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St. John’s College High School students offer praise and suggestions for cardinal in his new role

St. John’s College High School students participate in a September 2020 Mass celebrated by then-Archbishop Wilton Gregory at their school, one month before Pope Francis named him as a new cardinal. (CS photo/Andrew Biraj)

In September 2020, then-Archbishop Wilton Gregory celebrated Mass to commemorate the opening of the school year at St. John’s College High School in Washington, D.C. During his homily, he urged students to use their God-given talents bravely while pursuing goals. “Faith challenges us to risk doing the right thing,” then-Archbishop Gregory said in his homily. “Fear of the Lord assures us that we need not worry that God will ever withdraw His love, which the Psalmist tells us is everlasting.” 

Washington’s archbishop explained that the fear of the Lord, “is the virtue that gives us the courage to act boldly in pursuing our mission in life,” adding, “the Lord gives each of us talents that He wants us to use with bravery and may I dare say, even with daring itself.”

Two months later, some St. John’s students who participated in the liturgy reflected on Pope Francis’s Nov. 28 elevation of Cardinal Gregory to the College of Cardinals, making him the first African American cardinal in the history of the Catholic Church in the United States. The students also shared their hopes for the cardinal in his new role and noted a few of the challenges facing young people today. All agreed leaders of the Church need to address pressing issues of social justice in the future. 

“I want him to address the problems of the inequality of African Americans, and other people of color, in this country,” senior Aronke Fashina said. “The discrimination of African Americans is more prominent than it has been in years, due to what happened to people like George Floyd, Ahmaud Arbery, and Breonna Taylor in the summer.”

Fashina said she believes the Church can lead the way for healing in the country. “A message from the Church is a great way to unite all races under one common being – God -- to prove that God created everyone equal, and to show that people can see eye-to-eye. That is the Christian way,” she added.

The member of the class of 2021 recalled hearing the news about Cardinal Gregory’s elevation in her religion class. “Being an African-American Catholic myself, I was very excited and surprised to see an African-American appointed to such a prominent position,” Fashina added. “He made history.”

Junior Alanna Finn also expressed joy with Cardinal Gregory’s historic appointment. “As a young, Black person involved in my faith, I was ecstatic to hear the news,” Finn said, noting the need for more representation of Black Catholic leaders, “especially given that this faith is diverse, and the leaders do not always reflect that.” She added that “it is even better given that Archbishop (now Cardinal) Gregory is from Washington D.C.”

Fashina agreed. “The Catholic Church is such an inclusive space, and I want it to be an example to this country.”

Finn’s classmate, Fiona O’Connell, said she also felt happy to hear the news of Cardinal Gregory’s elevation. “I understand that such a position is one of great honor,” O’Connell said. “I was especially happy, seeing that Archbishop Gregory is a person of color, and that his honor was also a great step forward for men of color in the Church.”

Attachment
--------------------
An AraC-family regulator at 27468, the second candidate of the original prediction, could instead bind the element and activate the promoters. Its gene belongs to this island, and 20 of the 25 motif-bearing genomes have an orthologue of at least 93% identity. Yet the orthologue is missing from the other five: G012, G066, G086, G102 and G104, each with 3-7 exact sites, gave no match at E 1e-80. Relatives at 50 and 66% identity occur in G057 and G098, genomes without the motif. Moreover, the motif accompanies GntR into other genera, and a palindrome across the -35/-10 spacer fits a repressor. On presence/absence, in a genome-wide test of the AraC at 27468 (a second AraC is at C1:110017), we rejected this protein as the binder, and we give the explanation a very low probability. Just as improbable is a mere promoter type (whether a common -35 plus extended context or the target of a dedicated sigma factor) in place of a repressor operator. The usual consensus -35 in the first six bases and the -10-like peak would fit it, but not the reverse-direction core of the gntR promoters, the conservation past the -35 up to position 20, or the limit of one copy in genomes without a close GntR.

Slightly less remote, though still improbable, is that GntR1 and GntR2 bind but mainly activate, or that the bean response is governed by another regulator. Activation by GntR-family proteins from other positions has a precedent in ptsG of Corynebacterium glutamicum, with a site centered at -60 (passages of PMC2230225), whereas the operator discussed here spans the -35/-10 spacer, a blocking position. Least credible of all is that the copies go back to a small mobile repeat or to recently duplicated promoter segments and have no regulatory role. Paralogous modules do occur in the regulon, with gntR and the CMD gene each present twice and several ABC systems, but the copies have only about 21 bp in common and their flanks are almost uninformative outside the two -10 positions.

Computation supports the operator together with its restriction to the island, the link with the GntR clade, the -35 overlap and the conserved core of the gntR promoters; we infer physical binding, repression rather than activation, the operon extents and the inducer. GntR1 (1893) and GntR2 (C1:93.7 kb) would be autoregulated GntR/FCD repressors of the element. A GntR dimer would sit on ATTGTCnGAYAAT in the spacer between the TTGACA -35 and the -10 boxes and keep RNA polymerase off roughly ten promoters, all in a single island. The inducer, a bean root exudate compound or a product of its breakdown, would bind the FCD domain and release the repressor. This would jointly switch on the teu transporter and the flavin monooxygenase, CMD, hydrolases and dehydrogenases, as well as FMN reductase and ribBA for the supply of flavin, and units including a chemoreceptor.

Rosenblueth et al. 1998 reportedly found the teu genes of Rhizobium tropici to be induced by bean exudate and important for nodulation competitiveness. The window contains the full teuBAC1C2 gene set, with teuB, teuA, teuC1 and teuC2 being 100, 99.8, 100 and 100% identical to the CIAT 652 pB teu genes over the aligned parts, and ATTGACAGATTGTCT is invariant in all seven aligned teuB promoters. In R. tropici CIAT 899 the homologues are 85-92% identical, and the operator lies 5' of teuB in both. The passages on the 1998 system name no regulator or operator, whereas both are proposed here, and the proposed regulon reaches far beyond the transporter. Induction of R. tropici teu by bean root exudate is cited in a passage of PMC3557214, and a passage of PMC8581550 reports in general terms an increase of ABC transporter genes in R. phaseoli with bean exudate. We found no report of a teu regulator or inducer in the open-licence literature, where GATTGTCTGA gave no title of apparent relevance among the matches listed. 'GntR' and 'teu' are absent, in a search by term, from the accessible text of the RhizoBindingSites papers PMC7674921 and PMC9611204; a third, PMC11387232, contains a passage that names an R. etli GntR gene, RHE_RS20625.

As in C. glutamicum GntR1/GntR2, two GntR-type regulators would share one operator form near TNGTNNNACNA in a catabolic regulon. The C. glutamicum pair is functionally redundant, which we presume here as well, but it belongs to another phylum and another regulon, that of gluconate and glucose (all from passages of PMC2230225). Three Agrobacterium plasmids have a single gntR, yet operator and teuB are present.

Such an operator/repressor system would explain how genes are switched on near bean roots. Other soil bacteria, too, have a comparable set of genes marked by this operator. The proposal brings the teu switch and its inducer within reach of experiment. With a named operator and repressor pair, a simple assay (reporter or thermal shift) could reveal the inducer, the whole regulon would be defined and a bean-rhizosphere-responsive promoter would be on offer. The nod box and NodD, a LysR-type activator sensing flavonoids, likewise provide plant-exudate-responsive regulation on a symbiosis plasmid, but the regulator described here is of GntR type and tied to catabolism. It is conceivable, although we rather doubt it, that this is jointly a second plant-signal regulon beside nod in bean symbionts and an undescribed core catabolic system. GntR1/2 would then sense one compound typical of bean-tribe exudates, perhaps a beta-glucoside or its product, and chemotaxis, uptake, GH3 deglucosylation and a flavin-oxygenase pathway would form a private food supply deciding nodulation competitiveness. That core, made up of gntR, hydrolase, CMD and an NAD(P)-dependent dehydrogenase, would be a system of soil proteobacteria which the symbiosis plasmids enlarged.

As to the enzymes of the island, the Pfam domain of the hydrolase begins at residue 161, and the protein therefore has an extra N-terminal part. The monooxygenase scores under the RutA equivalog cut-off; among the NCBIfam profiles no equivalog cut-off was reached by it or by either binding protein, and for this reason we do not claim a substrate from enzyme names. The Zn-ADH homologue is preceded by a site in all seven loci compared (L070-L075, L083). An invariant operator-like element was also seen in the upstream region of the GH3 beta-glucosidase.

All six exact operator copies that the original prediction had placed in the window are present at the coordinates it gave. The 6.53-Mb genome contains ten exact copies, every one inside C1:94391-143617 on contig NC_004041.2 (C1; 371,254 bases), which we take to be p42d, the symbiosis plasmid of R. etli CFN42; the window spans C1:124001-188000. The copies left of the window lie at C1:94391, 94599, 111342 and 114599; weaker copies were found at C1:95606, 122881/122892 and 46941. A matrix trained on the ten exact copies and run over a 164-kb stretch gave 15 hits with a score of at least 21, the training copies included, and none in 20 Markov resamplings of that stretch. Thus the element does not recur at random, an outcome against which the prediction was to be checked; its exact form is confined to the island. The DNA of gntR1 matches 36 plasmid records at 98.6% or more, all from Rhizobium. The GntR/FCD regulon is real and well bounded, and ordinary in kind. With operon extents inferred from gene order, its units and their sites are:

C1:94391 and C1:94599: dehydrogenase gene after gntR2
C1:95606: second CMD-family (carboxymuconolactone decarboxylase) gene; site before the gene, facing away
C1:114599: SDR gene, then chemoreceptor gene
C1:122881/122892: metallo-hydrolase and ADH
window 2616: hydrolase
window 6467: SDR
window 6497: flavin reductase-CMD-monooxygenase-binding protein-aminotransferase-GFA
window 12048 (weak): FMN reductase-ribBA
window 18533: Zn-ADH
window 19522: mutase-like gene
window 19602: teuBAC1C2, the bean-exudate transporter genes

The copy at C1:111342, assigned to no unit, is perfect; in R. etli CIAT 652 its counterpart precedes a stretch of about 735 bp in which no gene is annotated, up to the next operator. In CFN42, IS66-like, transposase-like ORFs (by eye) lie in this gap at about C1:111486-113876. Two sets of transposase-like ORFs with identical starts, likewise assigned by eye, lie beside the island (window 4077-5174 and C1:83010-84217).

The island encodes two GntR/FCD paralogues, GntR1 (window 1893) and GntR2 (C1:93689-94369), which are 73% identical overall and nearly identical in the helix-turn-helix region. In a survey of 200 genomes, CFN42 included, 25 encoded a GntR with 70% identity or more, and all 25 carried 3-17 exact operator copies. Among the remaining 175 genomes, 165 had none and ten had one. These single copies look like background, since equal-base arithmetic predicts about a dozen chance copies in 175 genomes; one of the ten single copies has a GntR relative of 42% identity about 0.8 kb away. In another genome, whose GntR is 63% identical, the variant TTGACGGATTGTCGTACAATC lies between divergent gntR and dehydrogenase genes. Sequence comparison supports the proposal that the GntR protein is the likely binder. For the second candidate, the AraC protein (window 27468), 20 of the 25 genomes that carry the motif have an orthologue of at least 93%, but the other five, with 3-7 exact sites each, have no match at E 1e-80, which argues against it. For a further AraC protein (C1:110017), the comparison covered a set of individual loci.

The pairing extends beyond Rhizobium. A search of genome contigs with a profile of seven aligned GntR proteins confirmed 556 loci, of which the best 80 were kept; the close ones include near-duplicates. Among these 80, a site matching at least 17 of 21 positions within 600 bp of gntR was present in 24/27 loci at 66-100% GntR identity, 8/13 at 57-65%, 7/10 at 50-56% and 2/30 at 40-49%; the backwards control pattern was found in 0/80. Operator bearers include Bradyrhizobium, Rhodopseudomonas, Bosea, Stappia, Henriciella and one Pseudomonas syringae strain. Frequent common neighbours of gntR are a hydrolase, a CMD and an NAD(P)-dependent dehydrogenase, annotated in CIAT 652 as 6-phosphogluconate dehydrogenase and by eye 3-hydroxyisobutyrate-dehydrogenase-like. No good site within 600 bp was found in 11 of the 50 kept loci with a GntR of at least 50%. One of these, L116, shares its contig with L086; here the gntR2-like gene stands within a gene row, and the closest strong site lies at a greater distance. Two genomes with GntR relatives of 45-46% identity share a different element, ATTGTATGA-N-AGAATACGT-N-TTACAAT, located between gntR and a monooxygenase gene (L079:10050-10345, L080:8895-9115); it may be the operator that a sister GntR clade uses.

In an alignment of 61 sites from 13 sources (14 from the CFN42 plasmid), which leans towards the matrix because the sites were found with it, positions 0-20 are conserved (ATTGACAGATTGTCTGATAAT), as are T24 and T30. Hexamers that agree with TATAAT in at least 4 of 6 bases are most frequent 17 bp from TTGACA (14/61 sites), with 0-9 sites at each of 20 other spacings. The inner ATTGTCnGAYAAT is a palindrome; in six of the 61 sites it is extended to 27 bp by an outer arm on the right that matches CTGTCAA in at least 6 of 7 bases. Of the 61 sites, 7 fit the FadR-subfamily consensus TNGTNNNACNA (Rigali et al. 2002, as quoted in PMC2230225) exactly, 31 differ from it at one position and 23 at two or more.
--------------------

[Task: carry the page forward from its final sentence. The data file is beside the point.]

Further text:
“I hope that as cardinal, Archbishop Gregory will be a voice of guidance and support during the pandemic,” O’Connell added.

Another member of the Class of 2021, Dominic DiCocco, felt lucky “to actually meet a future cardinal. To meet the man himself, really puts into perspective how each of us are the same” in terms of faith, he said.

For Fashina, Cardinal Gregory represents a new opportunity for positive impact. “I want him to show that other black women and men can do bigger and better things in the Church. I also hope that he unifies all people of all races and ages.”

Additionally both Fashina and O’Connell said they hoped Cardinal Gregory can improve the spirituality for the faithful. “My biggest hope is that he keeps everyone true in their faith at this time of uncertainty,” Fashina said. O’Connell noted the need for “a strong leader in the Church” so that “he will be able to guide people back to God who may have lost their faith during this time.”

O’Connell said bishops ought to follow Pope Francis’s example on respecting the rights of homosexuals and echo his words in their communities. “For too long they have been rejected and persecuted. It is preached that everyone is welcome in the church,” O’Connell said. 

Finn stressed the need for the Church to address health concerns. “I believe the Church needs to engage in more pressing social justice issues with young Catholics and open the discussion about mental health,” the junior said. 

All of the teens agreed the coronavirus pandemic, injustice and violence prevalent in the United States pose difficult challenges but urged Cardinal Gregory to remember the young people of the archdiocese. 

“It is hard in this time to reach out to young people,” Fashina noted. “A lot of us are sad and restless due to being quarantined. So, we turn to social media. Social media is the best way to reach out to young people now. It’s a constant in most of our lives and seeing a bit of love and hearing about God every day may brighten our days.”

In these “very trying times” noted O’Connell “the Church should be reaching out to young people to support them and find ways to gently continue to guide them in their faith.”

(Lynnea Mumola, a religion teacher at St. John’s College High School who teaches classes in Scripture, morality and social justice, is a former reporter for the Catholic Standard and continues to write freelance articles for the paper and website.)